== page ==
An experimental demonstration that fear, but not disgust, is associated with return of fear in phobias

Sarah Edwards, Paul M Salkovskis

Research output: Contribution to journalArticle

22 Citations (Scopus)

Abstract

It has been suggested that disgust, rather than anxiety, may be important in some phobias. Correlational studies have been ambiguous, indicating either that disgust increases phobic anxiety or that phobic anxiety potentiates disgust. In the experimental study reported here, disgust and phobic anxiety were manipulated in the context of habituation to phobic stimuli. Spider fearful participants were randomly allocated to conditions in which neutral, disgusting, and phobic anxiety provoking stimuli were introduced into a video-based spider phobic habituation sequence. Exposure to the phobic stimulus resulted in a return of self-reported fear and disgust levels. However, exposure to disgusting stimulus increased disgust levels, but not anxiety levels. Results are most consistent with the hypothesis that fear enhances the disgust response in phobias, but that disgust alone does not enhance the fear response. Previously observed links between disgust and spider phobia may be a consequence of fear enhancing disgust.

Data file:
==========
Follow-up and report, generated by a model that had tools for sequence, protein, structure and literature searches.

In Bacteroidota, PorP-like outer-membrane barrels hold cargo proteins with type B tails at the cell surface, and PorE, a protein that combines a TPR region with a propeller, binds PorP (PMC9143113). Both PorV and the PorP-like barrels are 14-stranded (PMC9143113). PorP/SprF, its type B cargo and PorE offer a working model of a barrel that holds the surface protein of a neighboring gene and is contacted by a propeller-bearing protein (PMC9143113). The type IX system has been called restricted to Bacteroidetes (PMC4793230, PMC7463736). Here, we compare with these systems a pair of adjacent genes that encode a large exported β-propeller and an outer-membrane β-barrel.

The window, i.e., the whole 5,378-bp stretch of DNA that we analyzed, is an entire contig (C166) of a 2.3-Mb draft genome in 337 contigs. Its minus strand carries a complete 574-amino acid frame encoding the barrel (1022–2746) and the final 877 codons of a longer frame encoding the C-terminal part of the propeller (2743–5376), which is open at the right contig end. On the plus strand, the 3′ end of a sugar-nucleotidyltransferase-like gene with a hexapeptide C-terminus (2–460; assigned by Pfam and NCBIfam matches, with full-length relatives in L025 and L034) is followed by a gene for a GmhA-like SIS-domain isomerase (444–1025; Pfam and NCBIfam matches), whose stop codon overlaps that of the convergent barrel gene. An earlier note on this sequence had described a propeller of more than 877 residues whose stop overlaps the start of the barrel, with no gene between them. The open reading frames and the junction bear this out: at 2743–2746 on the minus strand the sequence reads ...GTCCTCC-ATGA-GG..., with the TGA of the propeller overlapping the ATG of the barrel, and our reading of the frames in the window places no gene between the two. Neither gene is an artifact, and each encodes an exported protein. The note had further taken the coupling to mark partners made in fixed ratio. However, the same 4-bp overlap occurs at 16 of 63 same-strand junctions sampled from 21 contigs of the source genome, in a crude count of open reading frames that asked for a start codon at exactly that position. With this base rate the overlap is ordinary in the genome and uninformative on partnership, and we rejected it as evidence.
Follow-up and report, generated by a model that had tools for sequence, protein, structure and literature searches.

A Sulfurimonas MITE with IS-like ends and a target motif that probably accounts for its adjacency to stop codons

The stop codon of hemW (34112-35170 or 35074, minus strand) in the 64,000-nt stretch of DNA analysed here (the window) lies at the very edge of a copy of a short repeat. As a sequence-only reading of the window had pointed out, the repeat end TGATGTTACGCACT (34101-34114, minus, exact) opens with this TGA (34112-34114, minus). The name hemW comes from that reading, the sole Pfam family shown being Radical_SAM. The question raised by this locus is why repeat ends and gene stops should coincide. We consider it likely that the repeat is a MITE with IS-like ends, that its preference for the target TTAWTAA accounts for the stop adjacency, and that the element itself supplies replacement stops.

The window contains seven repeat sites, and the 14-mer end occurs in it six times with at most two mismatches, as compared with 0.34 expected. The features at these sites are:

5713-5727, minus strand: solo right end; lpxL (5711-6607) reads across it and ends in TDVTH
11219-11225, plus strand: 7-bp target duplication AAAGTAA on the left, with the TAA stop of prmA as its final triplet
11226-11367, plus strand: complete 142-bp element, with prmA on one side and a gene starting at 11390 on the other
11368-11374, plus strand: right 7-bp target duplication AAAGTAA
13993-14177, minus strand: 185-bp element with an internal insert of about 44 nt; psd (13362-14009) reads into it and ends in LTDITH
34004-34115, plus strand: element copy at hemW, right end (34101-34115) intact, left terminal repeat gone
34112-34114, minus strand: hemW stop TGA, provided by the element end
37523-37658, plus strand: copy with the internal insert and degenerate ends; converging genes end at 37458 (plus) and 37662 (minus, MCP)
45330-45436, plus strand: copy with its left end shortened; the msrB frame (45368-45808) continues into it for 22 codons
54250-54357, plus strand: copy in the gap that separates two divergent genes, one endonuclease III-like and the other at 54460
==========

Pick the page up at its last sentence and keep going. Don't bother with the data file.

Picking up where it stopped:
Original languageEnglish
Pages (from-to)58-71
Number of pages14
JournalJournal of Anxiety Disorders
Volume20
Issue number1
DOIs
Publication statusPublished - 2006

Keywords

  • disgust
  • phobic anxiety
  • fear

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